A cognitive scientist with a masters in experimental psychology and a PhD in philosophy, Fred heads a research program that already is using case studies of simple organisms (with and without nervous systems) to understand cognition in an embodied, situated and dynamical context. This work grew out of his Representation and Behavior (2001, MIT Press), which identified the neglect of 'basic behavior' by classical cognitive science and its potential importance to explaining cognition.  

Dr Ulrike Mathesius,
Associate Investigator

Biochemistry and Molecular Biology
Australian National University
ACT, AUSTRALIA

Active in numerous national and international research projects, Uli is a microbiologist whose laboratory investigates quorum sensing, the chemical signaling systems bacteria use to coordinate gene transcription leading to collective behaviour (i.e. virulence, nitrogen fixation, bioluminescence). Her research group specializes in QS-mediated interactions between bacteria and organisms from different kingdoms, such as economically important plants and the worm, Caenorhabditis elegans, a well-known model organism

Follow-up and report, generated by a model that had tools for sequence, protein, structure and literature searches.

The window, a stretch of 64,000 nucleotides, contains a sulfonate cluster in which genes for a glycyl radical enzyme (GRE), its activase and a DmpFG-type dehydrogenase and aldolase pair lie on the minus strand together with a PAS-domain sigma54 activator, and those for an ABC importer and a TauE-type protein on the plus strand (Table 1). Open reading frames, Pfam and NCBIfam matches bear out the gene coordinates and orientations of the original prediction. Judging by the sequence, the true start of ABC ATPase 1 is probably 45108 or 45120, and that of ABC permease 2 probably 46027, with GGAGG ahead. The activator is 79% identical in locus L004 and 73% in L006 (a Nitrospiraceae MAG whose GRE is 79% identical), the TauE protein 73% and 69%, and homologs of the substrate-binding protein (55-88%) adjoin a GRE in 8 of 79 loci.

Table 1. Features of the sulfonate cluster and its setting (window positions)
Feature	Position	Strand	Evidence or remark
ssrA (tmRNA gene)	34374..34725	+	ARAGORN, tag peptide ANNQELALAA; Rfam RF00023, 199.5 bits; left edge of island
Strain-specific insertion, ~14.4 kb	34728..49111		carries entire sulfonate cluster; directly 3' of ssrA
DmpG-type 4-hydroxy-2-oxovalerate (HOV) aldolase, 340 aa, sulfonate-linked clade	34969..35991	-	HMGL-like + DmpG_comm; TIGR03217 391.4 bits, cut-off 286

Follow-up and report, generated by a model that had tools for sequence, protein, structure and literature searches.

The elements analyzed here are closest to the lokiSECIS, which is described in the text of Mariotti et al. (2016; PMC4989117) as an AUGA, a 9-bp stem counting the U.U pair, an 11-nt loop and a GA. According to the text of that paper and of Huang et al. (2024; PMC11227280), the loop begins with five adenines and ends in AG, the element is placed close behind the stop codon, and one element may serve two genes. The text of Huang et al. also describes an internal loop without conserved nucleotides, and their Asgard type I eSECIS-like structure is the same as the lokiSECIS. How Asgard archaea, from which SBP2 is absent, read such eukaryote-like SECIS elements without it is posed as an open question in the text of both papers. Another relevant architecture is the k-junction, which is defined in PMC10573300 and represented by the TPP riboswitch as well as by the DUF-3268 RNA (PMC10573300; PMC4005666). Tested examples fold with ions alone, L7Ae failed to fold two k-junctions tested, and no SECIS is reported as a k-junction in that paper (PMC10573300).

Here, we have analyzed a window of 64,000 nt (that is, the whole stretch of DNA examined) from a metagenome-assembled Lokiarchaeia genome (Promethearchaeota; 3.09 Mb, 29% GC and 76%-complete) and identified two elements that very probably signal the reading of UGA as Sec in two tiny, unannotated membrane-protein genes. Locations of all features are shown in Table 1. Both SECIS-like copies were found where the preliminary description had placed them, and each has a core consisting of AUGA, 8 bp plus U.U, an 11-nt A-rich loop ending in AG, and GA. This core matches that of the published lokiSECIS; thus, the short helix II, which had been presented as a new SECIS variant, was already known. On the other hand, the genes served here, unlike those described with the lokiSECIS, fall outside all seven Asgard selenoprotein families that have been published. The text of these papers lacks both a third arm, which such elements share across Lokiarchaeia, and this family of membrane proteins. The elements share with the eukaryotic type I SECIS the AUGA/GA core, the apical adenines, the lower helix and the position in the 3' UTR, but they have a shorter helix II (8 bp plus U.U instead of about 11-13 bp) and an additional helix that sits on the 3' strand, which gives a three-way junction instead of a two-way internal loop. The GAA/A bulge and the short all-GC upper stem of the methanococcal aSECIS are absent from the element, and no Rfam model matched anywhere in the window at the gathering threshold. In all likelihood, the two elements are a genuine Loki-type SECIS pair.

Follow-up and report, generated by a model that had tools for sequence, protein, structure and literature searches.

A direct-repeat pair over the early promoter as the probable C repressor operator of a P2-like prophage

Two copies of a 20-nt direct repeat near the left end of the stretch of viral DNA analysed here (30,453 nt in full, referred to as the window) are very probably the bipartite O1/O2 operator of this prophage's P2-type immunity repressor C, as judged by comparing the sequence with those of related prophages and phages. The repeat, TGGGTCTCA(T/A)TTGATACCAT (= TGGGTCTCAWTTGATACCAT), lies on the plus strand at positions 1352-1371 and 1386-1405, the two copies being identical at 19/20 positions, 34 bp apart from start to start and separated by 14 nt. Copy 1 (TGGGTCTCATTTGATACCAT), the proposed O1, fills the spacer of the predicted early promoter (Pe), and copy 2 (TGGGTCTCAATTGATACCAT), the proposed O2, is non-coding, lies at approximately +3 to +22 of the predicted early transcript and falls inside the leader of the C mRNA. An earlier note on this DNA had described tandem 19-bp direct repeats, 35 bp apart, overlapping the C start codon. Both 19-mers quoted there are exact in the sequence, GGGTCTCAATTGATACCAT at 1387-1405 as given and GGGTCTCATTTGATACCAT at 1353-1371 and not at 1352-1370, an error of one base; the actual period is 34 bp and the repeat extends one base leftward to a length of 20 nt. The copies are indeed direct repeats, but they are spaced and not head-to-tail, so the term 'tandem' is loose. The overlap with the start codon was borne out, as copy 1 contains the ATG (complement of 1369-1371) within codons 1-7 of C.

Professor David O’Carroll,
Associate Investigator

Molecular and Biomedical Science
University of Adelaide
SA, AUSTRALIA

An experimental neurobiologist, David discovered that the fly brain includes ‘higher order’ neurons tuned to the motion of specific image features, such as oriented bars, edges or targets. This and subsequent work illuminated unsuspected sophistication in insect visual processing, more like that exemplified by mammalian visual cortex. Much research in his laboratory is aimed at understanding and modelling neurons involved in the detection of moving features and the 'optical flow' patterns induced by movement as an animal navigates its habitat.